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Well I was wrong to some degree.
Education theory in the North American Continent has been stuck in bureaucracy for years, barely able to pay its teachers. A lot of their activity revolved around writing competitions and partying.
The idea vraffiti graffiti is a crime that uses justification like public versus private space cannot possibly also use literacy as well. I still thought of graffiti as sloppily spray-painted slogans that included racist, sexist, quasi-political, and pornographic words and images…graffiti to me was vandalism, no question about it, and its social value was negligible… viii To this: Social Linguistics and Literacies: Craig Castleman talks about early writing gangs in the 70s  that were very different from fighting gangs Getting Up.
This is one of the primary reasons I forge on with my research. As a result I began csatleman wonder about two things that were related to this idea of graffiti as a punishable crime and its relation to the literacy crisis.
It has been around a long time. Subway Graffiti in New York. University of Chicago, In this video he goes on to address perspective.
Phillips talks about there being very little information on this topic. I was fairly cwstleman that such a controversial subject had been so neglected — happy that I might be onto something, but sad that there was so little study on it.
To begin to understand the world of graffiti and its overall effects on those of us who live in cities, towns, rural areas or suburbia, it is necessary to look at its socio-cultural, political and historical influences. There are plenty of reasons to think this is what I am saying though it is not accurate. So the search continued. You Catsleman to Watch to Learn. I still thought of graffiti as sloppily spray-painted slogans that included racist, sexist, castle,an, and pornographic words and images…graffiti to me was vandalism, no question about it, and its social value was negligible… viii.
I thought cstleman was funny so I posted it.
Theories of Literacy
This is what I mean by two unfriendly neighbors. From there I followed the breadcrumbs to more contemporary rhetoric on graffiti by looking at news clips of graffiti clean up and abolition campaigns and their sponsors. She makes a lot of distinctions between gang graffiti, though, and hip-hop graffiti, which is why castlemann remains interesting and controversial — very little is understood about this medium.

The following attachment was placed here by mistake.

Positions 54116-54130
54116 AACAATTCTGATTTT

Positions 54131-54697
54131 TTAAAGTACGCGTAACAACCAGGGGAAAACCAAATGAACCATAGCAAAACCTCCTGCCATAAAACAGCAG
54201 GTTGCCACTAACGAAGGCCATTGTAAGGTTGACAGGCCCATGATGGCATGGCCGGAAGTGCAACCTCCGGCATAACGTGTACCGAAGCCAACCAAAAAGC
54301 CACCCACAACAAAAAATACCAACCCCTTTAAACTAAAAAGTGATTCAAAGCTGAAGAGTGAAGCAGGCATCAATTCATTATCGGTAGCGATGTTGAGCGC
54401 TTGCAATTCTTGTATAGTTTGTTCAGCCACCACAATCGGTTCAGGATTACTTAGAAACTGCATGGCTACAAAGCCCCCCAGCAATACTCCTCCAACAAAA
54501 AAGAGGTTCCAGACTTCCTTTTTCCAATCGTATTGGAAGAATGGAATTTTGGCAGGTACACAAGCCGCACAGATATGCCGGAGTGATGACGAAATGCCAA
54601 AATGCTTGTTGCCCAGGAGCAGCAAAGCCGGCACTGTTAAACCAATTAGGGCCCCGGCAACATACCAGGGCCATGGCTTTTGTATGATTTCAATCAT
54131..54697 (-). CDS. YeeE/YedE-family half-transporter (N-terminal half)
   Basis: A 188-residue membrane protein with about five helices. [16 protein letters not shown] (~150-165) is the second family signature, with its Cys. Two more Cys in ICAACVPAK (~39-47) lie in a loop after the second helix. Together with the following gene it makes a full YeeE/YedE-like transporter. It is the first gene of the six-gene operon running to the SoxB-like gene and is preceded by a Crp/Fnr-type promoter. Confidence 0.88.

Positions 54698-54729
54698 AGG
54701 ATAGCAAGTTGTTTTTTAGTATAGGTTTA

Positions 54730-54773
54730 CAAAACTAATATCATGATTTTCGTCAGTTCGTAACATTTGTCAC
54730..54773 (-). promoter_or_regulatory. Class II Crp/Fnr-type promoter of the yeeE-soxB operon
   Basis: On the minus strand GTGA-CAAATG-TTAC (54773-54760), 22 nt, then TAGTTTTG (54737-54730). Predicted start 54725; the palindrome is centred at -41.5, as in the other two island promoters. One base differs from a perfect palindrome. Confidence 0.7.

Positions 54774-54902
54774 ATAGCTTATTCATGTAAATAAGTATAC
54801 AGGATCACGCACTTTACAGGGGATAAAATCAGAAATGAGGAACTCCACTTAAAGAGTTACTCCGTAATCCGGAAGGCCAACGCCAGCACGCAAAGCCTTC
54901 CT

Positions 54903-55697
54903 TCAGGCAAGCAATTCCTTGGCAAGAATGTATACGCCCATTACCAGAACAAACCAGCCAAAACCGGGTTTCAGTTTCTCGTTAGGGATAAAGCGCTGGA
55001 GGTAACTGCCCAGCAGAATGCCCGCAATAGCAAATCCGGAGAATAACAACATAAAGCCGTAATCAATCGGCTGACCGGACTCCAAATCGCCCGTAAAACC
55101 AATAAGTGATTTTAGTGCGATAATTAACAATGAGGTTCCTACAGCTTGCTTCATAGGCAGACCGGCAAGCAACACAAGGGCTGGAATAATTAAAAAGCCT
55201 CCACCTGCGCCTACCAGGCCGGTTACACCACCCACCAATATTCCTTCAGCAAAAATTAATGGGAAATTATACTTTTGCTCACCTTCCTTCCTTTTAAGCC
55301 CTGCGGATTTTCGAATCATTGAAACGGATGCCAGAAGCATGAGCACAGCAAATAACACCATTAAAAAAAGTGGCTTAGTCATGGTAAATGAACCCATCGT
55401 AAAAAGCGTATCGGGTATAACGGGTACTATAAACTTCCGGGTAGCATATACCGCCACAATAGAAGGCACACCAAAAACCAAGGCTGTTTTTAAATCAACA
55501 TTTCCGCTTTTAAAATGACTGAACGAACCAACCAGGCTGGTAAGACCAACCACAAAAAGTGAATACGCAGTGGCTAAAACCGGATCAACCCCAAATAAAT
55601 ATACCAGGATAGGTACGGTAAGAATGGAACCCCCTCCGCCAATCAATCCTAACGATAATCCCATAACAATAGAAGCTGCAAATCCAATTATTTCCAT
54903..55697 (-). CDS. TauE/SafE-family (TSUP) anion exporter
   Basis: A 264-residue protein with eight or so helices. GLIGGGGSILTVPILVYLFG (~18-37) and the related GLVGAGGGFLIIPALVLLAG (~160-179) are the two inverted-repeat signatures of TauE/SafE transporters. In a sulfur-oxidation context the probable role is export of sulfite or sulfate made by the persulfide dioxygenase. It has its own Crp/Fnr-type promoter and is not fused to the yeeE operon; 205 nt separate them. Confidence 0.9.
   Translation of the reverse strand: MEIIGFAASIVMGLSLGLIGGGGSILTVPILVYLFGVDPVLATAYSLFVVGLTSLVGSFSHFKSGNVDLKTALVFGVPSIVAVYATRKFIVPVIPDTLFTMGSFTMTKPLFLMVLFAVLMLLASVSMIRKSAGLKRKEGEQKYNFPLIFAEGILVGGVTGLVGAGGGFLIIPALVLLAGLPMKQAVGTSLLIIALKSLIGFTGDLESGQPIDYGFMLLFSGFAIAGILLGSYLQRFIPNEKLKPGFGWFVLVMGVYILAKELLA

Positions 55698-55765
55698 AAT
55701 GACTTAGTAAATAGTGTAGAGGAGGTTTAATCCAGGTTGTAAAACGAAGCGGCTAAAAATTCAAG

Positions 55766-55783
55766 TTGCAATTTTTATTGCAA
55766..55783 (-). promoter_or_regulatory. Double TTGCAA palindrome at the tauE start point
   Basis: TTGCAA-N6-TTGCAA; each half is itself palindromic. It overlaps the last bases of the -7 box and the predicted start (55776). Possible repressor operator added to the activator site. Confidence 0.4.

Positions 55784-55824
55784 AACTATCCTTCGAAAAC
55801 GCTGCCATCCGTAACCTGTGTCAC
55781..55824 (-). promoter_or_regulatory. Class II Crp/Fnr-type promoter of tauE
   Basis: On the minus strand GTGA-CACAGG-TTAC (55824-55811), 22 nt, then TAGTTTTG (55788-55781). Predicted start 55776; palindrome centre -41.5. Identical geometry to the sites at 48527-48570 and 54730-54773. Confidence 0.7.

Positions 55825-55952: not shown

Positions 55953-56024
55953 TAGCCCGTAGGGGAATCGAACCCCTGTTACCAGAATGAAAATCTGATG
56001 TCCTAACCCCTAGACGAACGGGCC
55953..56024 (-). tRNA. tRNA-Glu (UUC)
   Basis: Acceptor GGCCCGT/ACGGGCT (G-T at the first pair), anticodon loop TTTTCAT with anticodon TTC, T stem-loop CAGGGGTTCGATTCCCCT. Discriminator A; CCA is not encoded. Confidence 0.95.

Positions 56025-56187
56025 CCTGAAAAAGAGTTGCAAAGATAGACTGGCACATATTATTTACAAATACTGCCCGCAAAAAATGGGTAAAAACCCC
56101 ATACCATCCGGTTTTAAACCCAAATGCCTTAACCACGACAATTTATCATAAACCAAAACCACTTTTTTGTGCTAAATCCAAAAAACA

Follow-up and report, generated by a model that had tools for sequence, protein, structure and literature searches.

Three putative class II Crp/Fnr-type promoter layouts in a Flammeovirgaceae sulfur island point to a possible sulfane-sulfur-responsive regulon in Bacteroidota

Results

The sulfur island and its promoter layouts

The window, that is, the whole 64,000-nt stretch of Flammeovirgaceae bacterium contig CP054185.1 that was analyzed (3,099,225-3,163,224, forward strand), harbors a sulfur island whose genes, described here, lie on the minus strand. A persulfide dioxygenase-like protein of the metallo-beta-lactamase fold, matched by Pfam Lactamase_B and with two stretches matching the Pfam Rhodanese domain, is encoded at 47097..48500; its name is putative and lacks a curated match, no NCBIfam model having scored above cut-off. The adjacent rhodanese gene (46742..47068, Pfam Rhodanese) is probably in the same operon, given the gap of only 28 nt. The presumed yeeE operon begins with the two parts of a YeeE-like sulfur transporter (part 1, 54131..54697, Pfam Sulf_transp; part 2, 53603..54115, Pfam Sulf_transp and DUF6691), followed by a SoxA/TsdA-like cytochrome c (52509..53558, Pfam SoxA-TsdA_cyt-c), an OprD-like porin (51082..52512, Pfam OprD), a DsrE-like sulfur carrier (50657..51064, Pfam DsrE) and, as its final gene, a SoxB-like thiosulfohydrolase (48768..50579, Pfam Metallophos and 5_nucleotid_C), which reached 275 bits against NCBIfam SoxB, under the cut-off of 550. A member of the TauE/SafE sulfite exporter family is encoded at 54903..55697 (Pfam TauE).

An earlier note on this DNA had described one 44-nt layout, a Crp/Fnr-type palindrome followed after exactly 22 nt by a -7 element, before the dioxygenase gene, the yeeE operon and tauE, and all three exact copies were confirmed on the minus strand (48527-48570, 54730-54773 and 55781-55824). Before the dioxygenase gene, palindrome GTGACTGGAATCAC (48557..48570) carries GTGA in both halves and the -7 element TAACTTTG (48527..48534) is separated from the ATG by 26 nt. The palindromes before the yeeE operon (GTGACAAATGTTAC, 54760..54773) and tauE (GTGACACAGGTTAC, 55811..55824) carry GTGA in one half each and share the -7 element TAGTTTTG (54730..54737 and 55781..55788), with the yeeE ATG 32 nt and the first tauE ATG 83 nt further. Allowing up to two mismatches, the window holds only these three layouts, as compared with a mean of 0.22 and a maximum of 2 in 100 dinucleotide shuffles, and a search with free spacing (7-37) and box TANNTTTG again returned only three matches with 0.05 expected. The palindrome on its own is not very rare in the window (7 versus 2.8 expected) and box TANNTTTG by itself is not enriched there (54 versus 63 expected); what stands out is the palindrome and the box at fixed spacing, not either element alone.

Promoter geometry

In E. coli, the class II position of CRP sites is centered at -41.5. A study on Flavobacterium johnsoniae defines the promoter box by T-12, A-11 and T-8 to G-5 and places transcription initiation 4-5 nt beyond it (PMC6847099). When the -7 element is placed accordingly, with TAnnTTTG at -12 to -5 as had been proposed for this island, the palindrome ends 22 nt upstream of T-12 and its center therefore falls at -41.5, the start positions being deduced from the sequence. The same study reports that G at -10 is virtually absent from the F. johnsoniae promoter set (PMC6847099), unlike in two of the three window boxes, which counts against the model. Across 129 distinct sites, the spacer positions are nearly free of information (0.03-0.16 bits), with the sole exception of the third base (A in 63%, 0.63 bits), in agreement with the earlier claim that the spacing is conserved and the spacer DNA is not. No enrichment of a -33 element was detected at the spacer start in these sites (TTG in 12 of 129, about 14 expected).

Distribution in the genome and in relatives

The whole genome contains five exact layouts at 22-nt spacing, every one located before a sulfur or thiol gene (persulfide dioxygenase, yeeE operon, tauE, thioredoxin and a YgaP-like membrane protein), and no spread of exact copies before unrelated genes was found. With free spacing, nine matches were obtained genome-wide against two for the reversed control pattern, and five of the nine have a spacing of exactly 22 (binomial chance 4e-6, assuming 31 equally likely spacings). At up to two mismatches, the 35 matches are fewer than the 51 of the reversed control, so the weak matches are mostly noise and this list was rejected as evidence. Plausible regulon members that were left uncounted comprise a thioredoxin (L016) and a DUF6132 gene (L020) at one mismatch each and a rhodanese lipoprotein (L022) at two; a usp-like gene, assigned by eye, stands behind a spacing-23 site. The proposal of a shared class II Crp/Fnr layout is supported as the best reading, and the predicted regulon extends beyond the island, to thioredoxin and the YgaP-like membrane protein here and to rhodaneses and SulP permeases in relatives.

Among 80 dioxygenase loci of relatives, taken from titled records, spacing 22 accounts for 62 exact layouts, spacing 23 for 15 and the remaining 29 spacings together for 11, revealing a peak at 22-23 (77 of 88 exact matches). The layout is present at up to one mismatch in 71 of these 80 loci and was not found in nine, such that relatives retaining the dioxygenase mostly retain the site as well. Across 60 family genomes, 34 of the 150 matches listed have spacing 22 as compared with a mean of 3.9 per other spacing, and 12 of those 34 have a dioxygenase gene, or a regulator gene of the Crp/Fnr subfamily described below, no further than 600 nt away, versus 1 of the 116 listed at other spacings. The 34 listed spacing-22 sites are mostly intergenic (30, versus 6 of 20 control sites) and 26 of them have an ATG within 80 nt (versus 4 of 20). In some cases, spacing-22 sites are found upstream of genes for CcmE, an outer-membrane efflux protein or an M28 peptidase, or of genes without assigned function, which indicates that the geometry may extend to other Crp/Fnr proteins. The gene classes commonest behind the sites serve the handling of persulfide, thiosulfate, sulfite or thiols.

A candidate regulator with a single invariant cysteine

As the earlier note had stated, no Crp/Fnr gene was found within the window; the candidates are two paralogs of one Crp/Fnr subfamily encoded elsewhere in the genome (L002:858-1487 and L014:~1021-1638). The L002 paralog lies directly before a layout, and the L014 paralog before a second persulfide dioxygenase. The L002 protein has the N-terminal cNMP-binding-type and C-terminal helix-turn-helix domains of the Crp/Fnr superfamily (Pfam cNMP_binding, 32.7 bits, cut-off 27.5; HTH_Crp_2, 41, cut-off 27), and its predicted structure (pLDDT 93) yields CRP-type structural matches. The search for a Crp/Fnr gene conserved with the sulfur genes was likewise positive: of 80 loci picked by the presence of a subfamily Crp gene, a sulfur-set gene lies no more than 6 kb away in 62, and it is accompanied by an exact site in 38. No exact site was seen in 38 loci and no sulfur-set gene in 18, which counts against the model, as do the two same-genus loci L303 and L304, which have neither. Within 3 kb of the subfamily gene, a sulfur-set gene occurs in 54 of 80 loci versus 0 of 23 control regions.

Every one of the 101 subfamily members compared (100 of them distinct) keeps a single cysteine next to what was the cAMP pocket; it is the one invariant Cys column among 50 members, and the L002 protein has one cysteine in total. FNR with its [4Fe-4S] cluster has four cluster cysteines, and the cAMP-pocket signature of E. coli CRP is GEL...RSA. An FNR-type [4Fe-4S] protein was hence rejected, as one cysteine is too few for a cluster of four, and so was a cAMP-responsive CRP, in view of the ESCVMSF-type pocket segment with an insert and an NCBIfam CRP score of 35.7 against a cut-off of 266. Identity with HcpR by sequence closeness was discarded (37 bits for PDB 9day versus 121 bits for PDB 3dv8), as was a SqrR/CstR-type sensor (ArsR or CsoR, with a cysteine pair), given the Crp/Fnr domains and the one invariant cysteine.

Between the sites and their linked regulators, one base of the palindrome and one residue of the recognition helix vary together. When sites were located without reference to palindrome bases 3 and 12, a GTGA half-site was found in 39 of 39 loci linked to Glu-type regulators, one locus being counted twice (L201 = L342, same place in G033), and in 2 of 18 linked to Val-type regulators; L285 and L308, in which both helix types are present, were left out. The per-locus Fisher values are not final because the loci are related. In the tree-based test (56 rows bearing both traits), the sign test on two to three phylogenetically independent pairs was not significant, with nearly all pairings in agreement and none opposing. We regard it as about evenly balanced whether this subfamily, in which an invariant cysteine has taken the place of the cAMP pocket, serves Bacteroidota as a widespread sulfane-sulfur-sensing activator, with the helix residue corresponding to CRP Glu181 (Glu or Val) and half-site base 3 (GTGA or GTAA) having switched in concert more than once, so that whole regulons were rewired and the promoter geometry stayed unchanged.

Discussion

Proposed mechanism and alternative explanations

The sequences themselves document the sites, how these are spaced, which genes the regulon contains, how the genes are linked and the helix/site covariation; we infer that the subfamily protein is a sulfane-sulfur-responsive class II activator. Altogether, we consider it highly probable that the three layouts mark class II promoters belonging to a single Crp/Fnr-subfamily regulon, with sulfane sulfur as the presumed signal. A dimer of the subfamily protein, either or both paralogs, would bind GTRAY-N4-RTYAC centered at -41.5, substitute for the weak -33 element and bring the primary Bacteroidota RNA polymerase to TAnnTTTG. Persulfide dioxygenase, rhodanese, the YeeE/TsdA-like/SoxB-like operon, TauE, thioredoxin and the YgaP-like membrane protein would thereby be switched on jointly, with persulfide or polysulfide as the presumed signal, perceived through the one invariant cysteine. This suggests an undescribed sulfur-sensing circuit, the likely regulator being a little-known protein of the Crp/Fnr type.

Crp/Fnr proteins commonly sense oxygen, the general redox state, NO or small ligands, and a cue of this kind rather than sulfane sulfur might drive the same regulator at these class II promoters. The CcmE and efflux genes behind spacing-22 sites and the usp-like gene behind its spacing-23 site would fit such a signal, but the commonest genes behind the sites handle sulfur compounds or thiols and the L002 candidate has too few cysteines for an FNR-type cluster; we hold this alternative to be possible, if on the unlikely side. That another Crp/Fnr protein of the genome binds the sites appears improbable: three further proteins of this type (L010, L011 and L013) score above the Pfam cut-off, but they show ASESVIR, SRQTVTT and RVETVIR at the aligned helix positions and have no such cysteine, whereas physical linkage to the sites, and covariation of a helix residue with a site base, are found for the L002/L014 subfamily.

I will not lie and say that graffiti — and tagging, in particular areas of town, have not scared me or confused me — as well as sent a warning to my senses that I need to be hyper vigilante about my surroundings.
This is not to be confused with graffigi to prehistoric graffiti.
Craig Castleman Los Graffiti Pdf PDF Download
She called these historical puzzles. It is important to know that this is not unfounded or without merit. I am not sure if carig will ever not be offensive to me, though I am steadfast as the observer, not the judge. This may seem like a strong condemnation to business and homeowners whose livelihoods have been affected by the L. My thoughts were that a critical analysis could be strengthened using fictional characters maybe?
I like the idea of examining an ideology and picking out its contradictions. Many of the participants were unhappy, even angry about their experiences in school, yet they were highly motivated to achieve outside of it, within a street culture. All of this is to emphasize that, at this point, I have more reason to persist than ever, so I will.
I found interviews though there is still more to learn in this area. My thoughts also were that, if graffiti as a crime in places like London can get you several years behind bars then real subjects would not be willing to come forward to talk about their craft. Taken from this point of view: I really like the connections she makes between writers and artists of the past and writers and artists of the present.
Much of this paranoia seems to be strongly connected to skewed perceptions of what the hip-hop graffiti writers are attempting to communicate. I found this book on criminology and control by David Garland that talked about post-WWII shaped public policy and opinion. I have lived in many places and have seen graffiti in pretty rough areas. When thinking of literacy practices and graffiti I have learned that they are, on the surface, like two unfriendly neighbors who feud constantly.
Los Graffiti – Craig Castleman – Google Books
She addresses her own fears as well. I begin with a broad overview of my search. Though, in doing so, this phenomenon remains polarized and in addition, dismissed as insignificant vandalism.
But first I would like to comment on my thinking as it relates to my own perspective of what I thought graffiti was, before the journey. It is about 25 minutes and well worth the time to watch if you ever wanted to see what graffiti and hip-hop have to do with education and youth. There is something to be said about my choice of keywords and genre. I wish to question and explore modes of curriculum theorizing by genuinely valuing the insights and perspectives of youth of various races, classes, and genders.
Not so fast, I finally began to say. He shoots straight from the hip, so to speak, by addressing ideology and the way that we typically ask the fraig questions.
She has a lot to say about graffiti as it relates to educational pedagogy, which I plan to address later. Here is one of the sites I found interesting that talks about it: